Thursday, March 09, 2006

16: Interlude 8

You can't go it alone. You'll never make it. And you should know that. But somewhere along the line, being stupid became romanticized. The result? An endless parade of legless runners, wingless fleas, and blind accountants. A freakshow of scandalized linens. A postcard from tomorrow's broken incisors.

When you smile, I can see your teeth. It makes me wonder what you've been sinking them into.

Monday, March 06, 2006

15: Storyline 1.8

I approached the door, grasped the handle purposefully, and flung it wide. I was rather surprised to see a solid wall of small dogs of indeterminate breed, oddly silent. There was a groaning sound as the wall of dogs accustomed itself to this new opening. The door frame began to shudder ever so slightly. I got the hell out of the way.

Mere instants after I had stepped aside, a voluminous cascade of small dogs erupted from the door frame. This went on for several minutes as thousands upon thousands of dogs came pouring into the strawberry field. It was pretty thick with dogs, let me tell you. I was neck deep before the flow began to slow down. Have you ever stood neck deep in small dogs? There isn't much you can do about it. I kind of stood there weaving with the flow as the dogs spilled outwards from the door, attempting to fill their new space.

Eventually, I was chest deep. Then waist deep, then knee deep. And then the dogs were completely dispersed, each of them with its own patch of ground under its feet. The surrounding hills were carpeted with small dogs to the horizon.

Shrugging, I went back to the door and peered through it. Not surprisingly, I saw the street on my way to work where I'd eaten the bottle and inadvertently opened the dog portals in the first place. Furthermore, I knew instinctively that I still had to go to work. "Typical," I muttered.

I stepped through the door and closed it behind me. Glancing back, I saw that the door was in the wall of one of the buildings that lined the street. I was tempted to open it again and see what was there, but I decided not to.

The dog portals had closed, and a city employee was busily sweeping the glass out of the street. My briefcase lay nearby. I went to pick it up and noticed one of the dogs lying next to it. Why she (for it was indeed female) had stayed behind I have no idea, but she was the only one of her kind left in this place. I crouched down to regard her. She looked up at me and said, "Yearn." Or maybe she just whimpered a little; sometimes it's hard to tell. I opened the briefcase that lay next to her and she crawled in and got comfortable. Closing the briefcase, I picked it up and went on my way.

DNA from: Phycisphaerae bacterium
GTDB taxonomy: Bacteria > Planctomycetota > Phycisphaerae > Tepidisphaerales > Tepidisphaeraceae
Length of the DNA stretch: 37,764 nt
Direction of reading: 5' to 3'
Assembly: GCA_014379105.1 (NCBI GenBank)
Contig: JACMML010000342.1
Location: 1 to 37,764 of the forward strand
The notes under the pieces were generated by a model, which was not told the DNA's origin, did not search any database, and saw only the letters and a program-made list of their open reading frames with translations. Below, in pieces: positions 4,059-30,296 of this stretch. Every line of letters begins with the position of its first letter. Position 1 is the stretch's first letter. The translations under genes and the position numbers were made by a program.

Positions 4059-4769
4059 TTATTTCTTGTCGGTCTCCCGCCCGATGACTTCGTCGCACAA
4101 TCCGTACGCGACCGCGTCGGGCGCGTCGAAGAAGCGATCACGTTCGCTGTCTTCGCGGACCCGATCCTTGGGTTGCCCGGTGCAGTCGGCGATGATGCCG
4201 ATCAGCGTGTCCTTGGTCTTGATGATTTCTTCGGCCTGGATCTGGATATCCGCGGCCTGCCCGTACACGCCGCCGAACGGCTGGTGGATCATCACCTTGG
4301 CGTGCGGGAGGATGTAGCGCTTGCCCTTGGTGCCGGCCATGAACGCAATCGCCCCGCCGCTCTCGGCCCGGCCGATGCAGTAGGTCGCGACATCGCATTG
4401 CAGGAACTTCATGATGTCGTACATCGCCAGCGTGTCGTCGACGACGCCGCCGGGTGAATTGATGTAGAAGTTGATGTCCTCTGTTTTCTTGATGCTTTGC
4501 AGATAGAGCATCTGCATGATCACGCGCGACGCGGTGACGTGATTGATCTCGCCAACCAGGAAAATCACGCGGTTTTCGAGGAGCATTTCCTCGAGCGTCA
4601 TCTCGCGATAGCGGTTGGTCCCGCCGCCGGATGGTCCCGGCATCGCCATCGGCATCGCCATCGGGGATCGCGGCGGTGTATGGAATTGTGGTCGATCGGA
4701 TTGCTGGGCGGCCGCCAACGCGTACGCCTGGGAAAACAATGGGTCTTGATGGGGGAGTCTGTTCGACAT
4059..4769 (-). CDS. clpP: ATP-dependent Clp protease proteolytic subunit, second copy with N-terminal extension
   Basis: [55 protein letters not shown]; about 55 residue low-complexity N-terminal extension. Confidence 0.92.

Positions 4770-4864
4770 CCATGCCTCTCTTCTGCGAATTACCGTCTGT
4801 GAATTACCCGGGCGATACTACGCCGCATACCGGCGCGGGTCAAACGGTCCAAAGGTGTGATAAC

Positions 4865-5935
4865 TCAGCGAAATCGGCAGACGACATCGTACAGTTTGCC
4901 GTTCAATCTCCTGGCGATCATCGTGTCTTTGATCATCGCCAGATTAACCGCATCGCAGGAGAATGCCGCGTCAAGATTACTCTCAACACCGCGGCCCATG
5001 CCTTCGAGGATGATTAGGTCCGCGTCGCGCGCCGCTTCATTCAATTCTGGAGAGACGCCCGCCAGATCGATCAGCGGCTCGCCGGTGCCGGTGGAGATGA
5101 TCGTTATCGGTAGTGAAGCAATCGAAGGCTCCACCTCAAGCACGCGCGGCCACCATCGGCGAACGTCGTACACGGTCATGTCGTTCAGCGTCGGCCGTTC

The sky was still full of fish.

Thursday, March 02, 2006

14: Interlude 7

And so you sit there amidst the detritus of your rantings and ravings, your haystack needles, your singing perverted bluster. You spend your time opening shutters. Your pimples leak self-important puss. Your poor technique is no match for the mighty electric fists of death. Go ahead, care.

Plight. Consideration. Grief. Bemusement. Surrender. Defiance. Toilet seat covers. Blankets. Lamps. Full bookcases, teeming with tomes. Pages and pages of haughty fluff, destined merely to distract. Skin creams and flattering garments. The furniture of inexorable failure. A couple of decent rooms and a bath. Decay.

And you bleed your eventual demise all over the joint, more of it coming every day. Everyone is sick of everyone else's. And we keep at it, like rats make shit. Everyone wants to be the voice in the wilderness.

And what if there were another way? What if the jukebox took cake instead of bread? What if they sold guillotines from behind the bar? Where then the toothless, blithering epitaphs? Where then the literal-minded, faceless sinister?

There is nothing that can be said. No message of hope except that which you carry with you. No words of peace save those you tattoo on an antelope. Let it go and watch that motherfucker run.